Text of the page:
“The Democracy Video Challenge:” The Rhetoric of Popular Culture in Public Diplomacy
Guinn, Clay Forman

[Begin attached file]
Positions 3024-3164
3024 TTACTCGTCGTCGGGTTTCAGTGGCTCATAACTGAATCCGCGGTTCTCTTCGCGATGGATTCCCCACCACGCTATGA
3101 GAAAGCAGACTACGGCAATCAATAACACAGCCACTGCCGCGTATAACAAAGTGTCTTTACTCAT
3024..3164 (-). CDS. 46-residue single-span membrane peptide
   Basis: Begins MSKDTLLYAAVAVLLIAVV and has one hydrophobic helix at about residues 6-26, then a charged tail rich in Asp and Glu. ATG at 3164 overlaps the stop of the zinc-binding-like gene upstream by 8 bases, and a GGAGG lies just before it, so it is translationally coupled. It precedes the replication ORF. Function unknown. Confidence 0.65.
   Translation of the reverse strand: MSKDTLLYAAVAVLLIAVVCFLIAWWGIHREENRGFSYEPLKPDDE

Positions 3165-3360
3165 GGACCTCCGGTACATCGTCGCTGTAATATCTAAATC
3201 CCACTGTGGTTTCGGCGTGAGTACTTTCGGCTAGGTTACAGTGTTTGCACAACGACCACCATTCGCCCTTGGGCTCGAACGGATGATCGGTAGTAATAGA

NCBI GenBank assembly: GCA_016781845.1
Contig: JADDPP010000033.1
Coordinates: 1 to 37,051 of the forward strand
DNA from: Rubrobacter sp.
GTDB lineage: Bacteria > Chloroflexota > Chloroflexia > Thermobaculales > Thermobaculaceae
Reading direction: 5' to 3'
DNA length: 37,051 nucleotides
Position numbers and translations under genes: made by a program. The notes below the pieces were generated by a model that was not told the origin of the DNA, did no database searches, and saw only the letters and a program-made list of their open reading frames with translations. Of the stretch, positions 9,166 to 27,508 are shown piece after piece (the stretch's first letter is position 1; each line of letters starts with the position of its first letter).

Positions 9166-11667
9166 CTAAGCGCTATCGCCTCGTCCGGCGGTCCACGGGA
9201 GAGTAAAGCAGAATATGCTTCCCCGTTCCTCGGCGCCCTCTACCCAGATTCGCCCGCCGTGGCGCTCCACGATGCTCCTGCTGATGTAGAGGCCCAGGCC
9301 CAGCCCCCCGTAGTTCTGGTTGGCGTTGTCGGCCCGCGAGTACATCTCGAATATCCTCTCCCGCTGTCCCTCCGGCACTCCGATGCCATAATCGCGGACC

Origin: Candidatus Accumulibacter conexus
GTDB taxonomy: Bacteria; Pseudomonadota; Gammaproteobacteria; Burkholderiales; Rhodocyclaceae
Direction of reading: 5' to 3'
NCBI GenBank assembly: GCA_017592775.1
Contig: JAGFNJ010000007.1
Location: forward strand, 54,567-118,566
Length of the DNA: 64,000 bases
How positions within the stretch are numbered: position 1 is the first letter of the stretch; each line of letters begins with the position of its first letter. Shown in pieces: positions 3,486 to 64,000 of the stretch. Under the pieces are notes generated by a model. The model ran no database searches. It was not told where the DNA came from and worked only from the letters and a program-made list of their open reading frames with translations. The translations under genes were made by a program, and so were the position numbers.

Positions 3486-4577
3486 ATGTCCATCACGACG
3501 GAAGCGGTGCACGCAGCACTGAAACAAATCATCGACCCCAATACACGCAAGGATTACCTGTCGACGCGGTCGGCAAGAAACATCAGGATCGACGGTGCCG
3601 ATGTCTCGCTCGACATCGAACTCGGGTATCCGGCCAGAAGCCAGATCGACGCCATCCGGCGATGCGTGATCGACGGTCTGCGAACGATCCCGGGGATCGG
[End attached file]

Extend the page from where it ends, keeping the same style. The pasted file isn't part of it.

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This dissertation analyzes the rhetorical changes in public diplomacy in the decades since the Cold War. Public diplomacy is the deployment of culture, a form of soft power, to shape public opinion overseas. In many ways, it has portrayed a consistent image of America in these decades: a multicultural meritocracy, where our strength is in our democratic values and the ability of anyone to contribute to society. However, public diplomacy has also changed in many ways in those decades, in particular its increased reliance on popular culture to reify that image of American multiculturalism and democratic values. My project contends that these shifts are largely due to the demands of globalization and neoliberalism, to a change in perceived external threats, and advances in information technology. Yet, as it responds to the demands of neoliberalism, public diplomacy of the past few decades also benefits American neoliberal empire. Increasingly, it advances America and its people as a brand, seeking to entice foreign publics into market-based relationships. It encourages its audience to buy into American ideas and economic structures. The first chapter will ground this dissertation in a series of intellectual conversations, examining rhetoric particular to American exceptionalism, cultural studies, postcolonialism, and neoliberalism. Then, I will chronicle these shifts in a series of case studies, focusing on the products of American public diplomacy -- including radio broadcasts, magazine articles, theatrical productions, and television commercials -- in the Cold War and continuing through today. Each chapter of this dissertation will examine texts from a particular era of public diplomacy -- the Cold War, the early War on Terror, Obama’s administration, and, finally, under Trump -- and describe the continuities and discontinuities of this particularly elusive form of rhetoric.